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Using IPads Before Bedtime can Cause Poor Night's Sleep

by Krishna Bora on  September 14, 2012 at 9:59 AM Research News   - G J E 4
The use of tablet computers just before going to bed can cause a poor night's sleep, a study has revealed.

More and more people are taking their tablets to bed with them to surf the web, check Facebook or email before switching off the light.
 Using IPads Before Bedtime can Cause Poor Night's Sleep
Using IPads Before Bedtime can Cause Poor Night's Sleep
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But researchers are warning that the blueish light their screens emit can stop users getting a good night's sleep, the Telegraph reported.

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That is because this type of light mimics daylight, convincing the brain that it is still daytime.

Blue light suppresses production of a brain chemical called melatonin, which helps us fall sleep. This is because our brains have evolved to be wakeful during daylight hours, the report said.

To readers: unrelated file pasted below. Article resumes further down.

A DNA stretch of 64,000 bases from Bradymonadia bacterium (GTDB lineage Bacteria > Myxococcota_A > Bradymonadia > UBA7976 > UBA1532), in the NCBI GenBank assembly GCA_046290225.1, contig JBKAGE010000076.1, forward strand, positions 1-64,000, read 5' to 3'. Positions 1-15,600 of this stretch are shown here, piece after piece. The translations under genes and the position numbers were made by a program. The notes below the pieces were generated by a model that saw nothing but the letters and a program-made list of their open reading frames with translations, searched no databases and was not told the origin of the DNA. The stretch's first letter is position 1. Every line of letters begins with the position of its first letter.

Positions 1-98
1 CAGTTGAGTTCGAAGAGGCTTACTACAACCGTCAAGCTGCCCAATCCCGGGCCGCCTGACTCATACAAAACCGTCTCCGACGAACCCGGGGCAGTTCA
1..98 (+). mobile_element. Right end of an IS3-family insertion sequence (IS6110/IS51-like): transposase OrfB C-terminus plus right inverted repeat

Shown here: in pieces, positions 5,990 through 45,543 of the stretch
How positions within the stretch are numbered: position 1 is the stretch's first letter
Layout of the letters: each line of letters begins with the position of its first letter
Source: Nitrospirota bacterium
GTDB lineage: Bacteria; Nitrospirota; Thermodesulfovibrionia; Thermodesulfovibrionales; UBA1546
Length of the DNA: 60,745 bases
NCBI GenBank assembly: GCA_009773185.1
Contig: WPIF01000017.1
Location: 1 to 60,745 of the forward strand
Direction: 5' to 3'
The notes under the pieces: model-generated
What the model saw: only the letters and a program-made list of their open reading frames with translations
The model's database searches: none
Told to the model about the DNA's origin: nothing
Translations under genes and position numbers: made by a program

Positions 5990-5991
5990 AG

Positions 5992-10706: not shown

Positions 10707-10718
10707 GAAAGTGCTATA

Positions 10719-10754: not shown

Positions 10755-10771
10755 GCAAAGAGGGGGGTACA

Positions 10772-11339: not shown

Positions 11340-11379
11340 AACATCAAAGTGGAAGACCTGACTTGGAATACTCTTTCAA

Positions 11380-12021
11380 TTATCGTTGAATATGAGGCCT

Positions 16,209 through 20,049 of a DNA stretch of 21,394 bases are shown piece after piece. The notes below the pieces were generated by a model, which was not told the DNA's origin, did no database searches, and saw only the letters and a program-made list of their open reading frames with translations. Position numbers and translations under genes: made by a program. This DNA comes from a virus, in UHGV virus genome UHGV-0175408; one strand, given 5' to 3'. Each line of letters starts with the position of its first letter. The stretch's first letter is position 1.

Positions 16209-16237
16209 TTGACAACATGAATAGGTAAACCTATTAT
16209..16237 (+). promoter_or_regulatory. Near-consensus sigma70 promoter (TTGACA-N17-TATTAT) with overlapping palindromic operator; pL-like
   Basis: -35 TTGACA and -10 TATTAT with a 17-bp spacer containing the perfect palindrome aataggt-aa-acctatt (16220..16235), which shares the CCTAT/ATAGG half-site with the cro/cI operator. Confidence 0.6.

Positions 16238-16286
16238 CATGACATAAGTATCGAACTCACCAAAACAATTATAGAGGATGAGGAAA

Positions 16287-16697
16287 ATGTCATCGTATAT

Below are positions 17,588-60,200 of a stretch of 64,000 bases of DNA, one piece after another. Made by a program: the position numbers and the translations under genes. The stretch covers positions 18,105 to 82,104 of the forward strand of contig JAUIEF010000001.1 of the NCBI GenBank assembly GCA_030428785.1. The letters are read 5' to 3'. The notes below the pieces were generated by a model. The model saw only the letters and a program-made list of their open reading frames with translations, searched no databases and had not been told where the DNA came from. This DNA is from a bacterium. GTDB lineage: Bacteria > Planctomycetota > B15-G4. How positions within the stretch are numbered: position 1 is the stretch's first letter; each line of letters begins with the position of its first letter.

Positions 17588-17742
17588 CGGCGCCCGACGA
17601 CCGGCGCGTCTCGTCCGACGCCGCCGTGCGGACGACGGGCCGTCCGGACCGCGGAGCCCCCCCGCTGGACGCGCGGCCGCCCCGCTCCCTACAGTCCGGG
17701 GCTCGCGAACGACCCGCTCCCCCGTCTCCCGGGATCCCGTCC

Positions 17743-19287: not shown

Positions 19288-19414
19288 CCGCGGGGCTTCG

By contrast, light which is more orange or red in tone does not suppress melatonin production, perhaps because our brains recognise it as a cue that the day is ending, it added.

Neurologists have known for years that staring at screens late in the evening can disrupt sleep - be it televisions, computers or mobile phones.

However, because mobiles and tablets are by nature portable - not to say addictive - more people are taking them into the bedroom.

Users also tend to hold them much closer to their eyes than a computer or television screen.

Researchers at the Lighting Research Centre, at the Rensselaer Polytechnic Institute in New York, are now warning that looking at tablet displays for more than two hours "leads to a suppression of our natural melatonin levels as the devices emit optical radiation at short wavelengths" - in other words, they emit bluer light.

"Although turning off devices at night is the ultimate solution, it is recommended that if these devices are used at night displays are dimmed as much as possible and that the time spent on them before bed should be limited," they said.

They findings are published in the journal Applied Ergonomics.

Source: ANI
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